MICP as a potential sustainable technique to treat or entrap contaminants in the natural environment: A review
In the last two decades, developments in the area of biomineralization has yielded promising results making it a potentially environmentally friendly technique for a wide range of applications in engineering and wastewater/heavy metal remediation. Microbially Induced Carbonate Precipitation (MICP) has led to numerous patented applications ranging from novel strains and nutrient sources for the precipitation of biominerals. Studies are being constantly published to optimize the process to become a promising, cost effective, ecofriendly approach when compared with the existing traditional remediation technologies which are implemented to solve multiple contamination/pollution issues. Heavy metal pollution still poses a major threat towards compromising the ecosystem. The removal of heavy metals is of high importance due to their recalcitrance and persistence in the environment. In that perspective, this paper reviews the current and most significant discoveries and applications of MICP towards the conversion of heavy metals into heavy metal carbonates and removal of calcium from contaminated media such as polluted water. It is evident from the literature survey that although heavy metal carbonate research is very effective in removal, is still in its early stages but could serve as a solution if the microorganisms are stimulated directly in the heavy metal environment.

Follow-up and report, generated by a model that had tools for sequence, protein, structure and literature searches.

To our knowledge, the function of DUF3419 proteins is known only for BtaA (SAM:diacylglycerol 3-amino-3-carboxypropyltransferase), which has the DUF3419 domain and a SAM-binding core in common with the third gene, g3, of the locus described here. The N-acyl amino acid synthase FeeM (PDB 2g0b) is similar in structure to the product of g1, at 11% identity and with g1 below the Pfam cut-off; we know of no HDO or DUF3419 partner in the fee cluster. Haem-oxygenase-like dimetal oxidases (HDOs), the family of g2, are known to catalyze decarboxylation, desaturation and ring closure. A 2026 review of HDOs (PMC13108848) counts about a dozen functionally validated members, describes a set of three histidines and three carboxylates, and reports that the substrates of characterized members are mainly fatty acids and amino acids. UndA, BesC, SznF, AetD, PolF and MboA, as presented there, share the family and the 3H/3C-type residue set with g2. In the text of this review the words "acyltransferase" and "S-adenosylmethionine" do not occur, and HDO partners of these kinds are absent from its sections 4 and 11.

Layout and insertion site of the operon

Adharsh Rajasekar, Stephen Wilkinson, Charles K.S. Moy, MICP as a potential sustainable technique to treat or entrap contaminants in the natural environment: A review, Environmental Science and Ecotechnology, Volume 6, 2021, 100096.